Organized Panel Session
Colonialism and neocolonialism are political-economic formations that claimed superior command over space and demography through the mechanisms of war, culture, and the production of wealth in what came to be known as the ‘decolonising world’ or the ‘Global South.’
This panel interrogates the various technologies of governance and representation that went into the production and reconfiguration of territory, populations, and spaces of capital at a time when nascent nation-states and new manifestations of empire emerged in Southeast Asia. We bring into conversation the concomitant tensions, sites of resistance, bodies and boundaries that went into the expressions of identity and aspirational lives in what would become questions of ‘national’ futures and citizenship.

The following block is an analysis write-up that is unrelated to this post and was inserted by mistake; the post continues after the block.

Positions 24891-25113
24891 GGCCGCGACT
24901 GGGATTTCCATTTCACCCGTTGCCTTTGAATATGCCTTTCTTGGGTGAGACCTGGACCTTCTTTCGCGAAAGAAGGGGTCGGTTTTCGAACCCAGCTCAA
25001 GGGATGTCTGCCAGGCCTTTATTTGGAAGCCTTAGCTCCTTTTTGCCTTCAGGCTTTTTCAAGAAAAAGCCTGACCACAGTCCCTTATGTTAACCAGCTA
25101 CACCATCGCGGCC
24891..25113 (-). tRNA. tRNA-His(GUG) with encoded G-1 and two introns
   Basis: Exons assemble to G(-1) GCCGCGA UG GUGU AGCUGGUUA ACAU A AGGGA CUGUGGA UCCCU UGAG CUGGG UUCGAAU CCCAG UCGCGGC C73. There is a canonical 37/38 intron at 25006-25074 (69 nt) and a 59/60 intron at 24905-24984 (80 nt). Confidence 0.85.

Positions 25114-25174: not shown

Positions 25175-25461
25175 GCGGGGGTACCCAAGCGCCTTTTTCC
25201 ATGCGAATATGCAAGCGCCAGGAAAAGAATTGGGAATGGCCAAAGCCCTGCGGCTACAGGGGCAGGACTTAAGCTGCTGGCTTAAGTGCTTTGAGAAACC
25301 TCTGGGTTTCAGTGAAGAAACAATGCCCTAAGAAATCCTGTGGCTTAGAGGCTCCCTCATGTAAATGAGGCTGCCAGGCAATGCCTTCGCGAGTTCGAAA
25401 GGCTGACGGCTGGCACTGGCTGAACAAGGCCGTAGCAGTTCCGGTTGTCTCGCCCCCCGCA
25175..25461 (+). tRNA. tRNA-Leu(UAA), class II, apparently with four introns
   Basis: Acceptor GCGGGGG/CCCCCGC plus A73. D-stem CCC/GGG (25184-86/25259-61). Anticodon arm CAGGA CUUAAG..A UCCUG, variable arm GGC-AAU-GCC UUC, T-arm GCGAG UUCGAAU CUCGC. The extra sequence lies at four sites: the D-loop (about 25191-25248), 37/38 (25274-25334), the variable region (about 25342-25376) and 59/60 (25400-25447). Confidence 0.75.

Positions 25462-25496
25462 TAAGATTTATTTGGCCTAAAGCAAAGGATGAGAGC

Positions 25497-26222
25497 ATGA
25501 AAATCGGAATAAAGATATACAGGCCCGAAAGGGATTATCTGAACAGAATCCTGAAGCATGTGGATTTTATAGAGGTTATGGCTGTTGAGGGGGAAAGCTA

These issues are discussed in the backdrop of the continuing political and strategic relevance of Southeast Asia in the expressions of empire. We expound on different and contested examples of indigeneity in conditions of war, ethnic minoritization, the creation of hierarchical cultural and racialized values in making of colonial and national bodies and spaces. This panel features different methodologies such as field and archival research, tied with critical and historically situated perspectives on empire.